MSHA finalizes new rules for coal mine exams
Federal regulators are issuing a final set of rules for underground coal mine examinations that aim to hold operators more accountable for finding and fixing dangerous conditions — and preventing the deaths of their workers. The rules will be published in the Federal Register on Friday, the day after the second anniversary of the blast at the former Massey Energy mine.
Will breast feeding support die with Obamacare?
There’s been a lot of talk in recent days that the Supreme Court may strike down health care reform, but killing the law in its entirety will hurt working mothers across the country. Tucked into reform was a new provision known as the Breast Feeding Act and it’s already helping to make breast-feeding at work easier.
Workers ready for a raise, already
Now that the economy has been adding jobs at a steady clip, more of us are ready to tell our boss to “show me the money!” After years of seeing tiny or non-existent pay increases, employees are more optimistic than they have been in four years that employers will hop on the raise bandwagon soon, according to a study released Wednesday by Glassdoor, a job listings site.
Everyday stress can shut down the brain’s chief command center
For decades scientists thought they understood what happens in the brain during testing or a battlefront firefight. In recent years a different line of research has put the physiology of stress in an entirely new perspective. The response to stress is not just a primal reaction affecting parts of the brain that are common to a wide array of species ranging from salamanders to humans. Stress, in fact, can cripple our most advanced mental faculties, the areas of the brain most developed in primates.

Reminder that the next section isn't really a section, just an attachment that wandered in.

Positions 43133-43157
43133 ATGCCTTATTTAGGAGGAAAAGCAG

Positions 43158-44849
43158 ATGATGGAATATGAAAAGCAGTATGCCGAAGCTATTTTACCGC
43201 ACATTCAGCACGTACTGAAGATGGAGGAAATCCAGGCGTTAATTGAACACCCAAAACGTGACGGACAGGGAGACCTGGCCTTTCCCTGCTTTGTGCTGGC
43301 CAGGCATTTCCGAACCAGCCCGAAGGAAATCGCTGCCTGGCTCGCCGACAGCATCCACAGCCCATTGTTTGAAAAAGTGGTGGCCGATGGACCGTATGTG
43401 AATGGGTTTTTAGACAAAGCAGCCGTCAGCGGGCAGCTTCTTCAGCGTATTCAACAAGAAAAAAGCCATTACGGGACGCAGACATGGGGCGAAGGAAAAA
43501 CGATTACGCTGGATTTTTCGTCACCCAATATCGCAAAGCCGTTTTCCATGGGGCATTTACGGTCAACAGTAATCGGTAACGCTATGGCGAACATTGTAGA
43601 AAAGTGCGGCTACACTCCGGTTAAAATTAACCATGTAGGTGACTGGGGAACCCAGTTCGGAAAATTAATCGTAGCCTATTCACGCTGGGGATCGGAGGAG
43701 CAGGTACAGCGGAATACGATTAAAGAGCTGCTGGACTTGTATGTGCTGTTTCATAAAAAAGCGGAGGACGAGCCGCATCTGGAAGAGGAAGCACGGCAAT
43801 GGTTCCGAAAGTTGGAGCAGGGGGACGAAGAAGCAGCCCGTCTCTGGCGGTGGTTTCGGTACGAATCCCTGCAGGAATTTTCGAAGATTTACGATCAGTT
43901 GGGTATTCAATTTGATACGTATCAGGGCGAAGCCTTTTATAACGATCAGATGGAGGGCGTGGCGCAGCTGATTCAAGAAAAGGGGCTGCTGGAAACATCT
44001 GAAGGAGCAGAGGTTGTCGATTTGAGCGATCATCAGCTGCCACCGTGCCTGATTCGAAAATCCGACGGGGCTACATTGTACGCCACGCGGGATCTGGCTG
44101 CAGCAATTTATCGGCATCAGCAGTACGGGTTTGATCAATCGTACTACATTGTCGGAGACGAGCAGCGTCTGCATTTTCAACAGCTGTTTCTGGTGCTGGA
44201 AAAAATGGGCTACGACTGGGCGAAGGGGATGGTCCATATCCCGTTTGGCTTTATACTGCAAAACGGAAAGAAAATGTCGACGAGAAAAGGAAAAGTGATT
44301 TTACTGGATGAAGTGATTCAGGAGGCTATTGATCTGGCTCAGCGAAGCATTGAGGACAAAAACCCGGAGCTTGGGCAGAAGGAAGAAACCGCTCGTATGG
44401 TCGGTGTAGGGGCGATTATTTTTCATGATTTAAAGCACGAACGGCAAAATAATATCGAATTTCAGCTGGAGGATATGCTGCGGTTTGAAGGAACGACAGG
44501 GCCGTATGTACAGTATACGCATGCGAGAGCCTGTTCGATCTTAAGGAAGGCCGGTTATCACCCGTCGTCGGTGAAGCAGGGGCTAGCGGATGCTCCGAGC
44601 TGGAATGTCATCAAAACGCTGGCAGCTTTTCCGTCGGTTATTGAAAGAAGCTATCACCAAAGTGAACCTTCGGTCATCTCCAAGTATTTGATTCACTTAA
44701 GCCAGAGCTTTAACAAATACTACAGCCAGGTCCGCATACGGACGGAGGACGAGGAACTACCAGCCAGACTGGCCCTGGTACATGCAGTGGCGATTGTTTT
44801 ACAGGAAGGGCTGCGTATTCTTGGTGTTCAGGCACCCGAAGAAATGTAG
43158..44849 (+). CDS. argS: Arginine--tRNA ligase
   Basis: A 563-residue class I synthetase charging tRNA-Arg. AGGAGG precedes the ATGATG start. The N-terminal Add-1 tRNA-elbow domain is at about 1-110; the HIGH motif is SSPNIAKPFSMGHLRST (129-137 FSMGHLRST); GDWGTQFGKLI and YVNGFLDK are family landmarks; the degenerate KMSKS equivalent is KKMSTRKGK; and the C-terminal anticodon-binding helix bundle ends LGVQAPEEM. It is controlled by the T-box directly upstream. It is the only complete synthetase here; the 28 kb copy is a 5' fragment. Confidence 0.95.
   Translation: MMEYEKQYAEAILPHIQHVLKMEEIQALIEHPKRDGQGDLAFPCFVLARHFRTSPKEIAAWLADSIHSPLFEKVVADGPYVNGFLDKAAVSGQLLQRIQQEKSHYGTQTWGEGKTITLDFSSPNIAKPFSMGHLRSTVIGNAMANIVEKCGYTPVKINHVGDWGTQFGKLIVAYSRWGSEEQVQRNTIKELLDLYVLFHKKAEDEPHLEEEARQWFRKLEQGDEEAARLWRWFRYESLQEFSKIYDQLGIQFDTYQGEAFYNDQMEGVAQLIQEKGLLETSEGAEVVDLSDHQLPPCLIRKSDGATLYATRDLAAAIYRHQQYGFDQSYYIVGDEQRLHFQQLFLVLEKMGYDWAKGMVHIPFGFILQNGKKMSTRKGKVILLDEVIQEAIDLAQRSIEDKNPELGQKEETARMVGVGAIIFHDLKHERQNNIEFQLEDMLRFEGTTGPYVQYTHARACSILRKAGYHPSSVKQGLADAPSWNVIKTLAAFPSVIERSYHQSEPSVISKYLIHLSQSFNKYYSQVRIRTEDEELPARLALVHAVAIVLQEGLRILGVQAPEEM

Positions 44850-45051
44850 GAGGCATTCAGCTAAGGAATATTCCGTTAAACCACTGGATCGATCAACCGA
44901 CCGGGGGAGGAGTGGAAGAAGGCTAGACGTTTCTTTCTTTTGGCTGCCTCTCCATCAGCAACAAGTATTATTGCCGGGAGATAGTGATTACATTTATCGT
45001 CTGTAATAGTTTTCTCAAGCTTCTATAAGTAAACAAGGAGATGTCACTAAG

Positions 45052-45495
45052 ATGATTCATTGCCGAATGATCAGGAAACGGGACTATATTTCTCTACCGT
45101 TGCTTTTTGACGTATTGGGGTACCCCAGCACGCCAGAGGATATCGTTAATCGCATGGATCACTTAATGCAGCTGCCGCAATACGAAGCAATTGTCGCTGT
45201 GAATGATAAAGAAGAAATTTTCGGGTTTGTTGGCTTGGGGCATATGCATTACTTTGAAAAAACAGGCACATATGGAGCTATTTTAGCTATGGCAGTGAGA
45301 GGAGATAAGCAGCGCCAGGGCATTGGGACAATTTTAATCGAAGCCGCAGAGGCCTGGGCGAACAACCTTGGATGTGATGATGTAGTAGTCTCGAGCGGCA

Tommy Hilfiger forced to make $2M safety concessions after fire that killed 29 workers at factory… but why haven’t Kohl’s and the Gap followed suit?
More than a year after a fire killed 29 workers trapped inside a garment factory in Bangladesh, one of the American companies whose clothing was made at the plant has bowed to criticism and made concrete concessions to improve worker safety. Tommy Hilfiger is the first label to come forward with voluntary rules that include paying $1m to $2mto devise a set of fire safety regulations and fund an independent inspector at every plant where its clothes are made.
Amazon.com warehouse workers fired if goals aren’t met
Amazon.com strives to be increasingly efficient to ship customers’ orders as quickly as possible from its fulfillment centers around the world. And while the company has a safety record better than most, some warehouse employees say the relentless drive to boost production wears them down and costs them their jobs.
Amazon.com’s statement regarding warehouse safety
Amazon.com gave The Seattle Times this statement on warehouse safety: “Since we ship hundreds of millions of packages a year, employ tens of thousands of associates, and record millions of work hours, it isn’t possible to accurately portray the effectiveness of our procedures with anecdotes. To accurately reflect our operations, any reporting must focus on examining our safety record as measured against relevant industry benchmarks … it’s safer to work in an Amazon fulfillment center than in a department store.”
LA Walmart employee, Girshriela Green, tells her story of poverty and injury
Girshriela Green was unemployed and on welfare when she got a job at Walmart in Crenshaw, Calif. Green started experiencing pain in her arm. When she reported the injury to her managers, she said they threatened her, saying “a lot of people want your job.” Even when she turned in an emergency room doctor’s note prescribing light duty, she was put back to her regular tasks, Green said.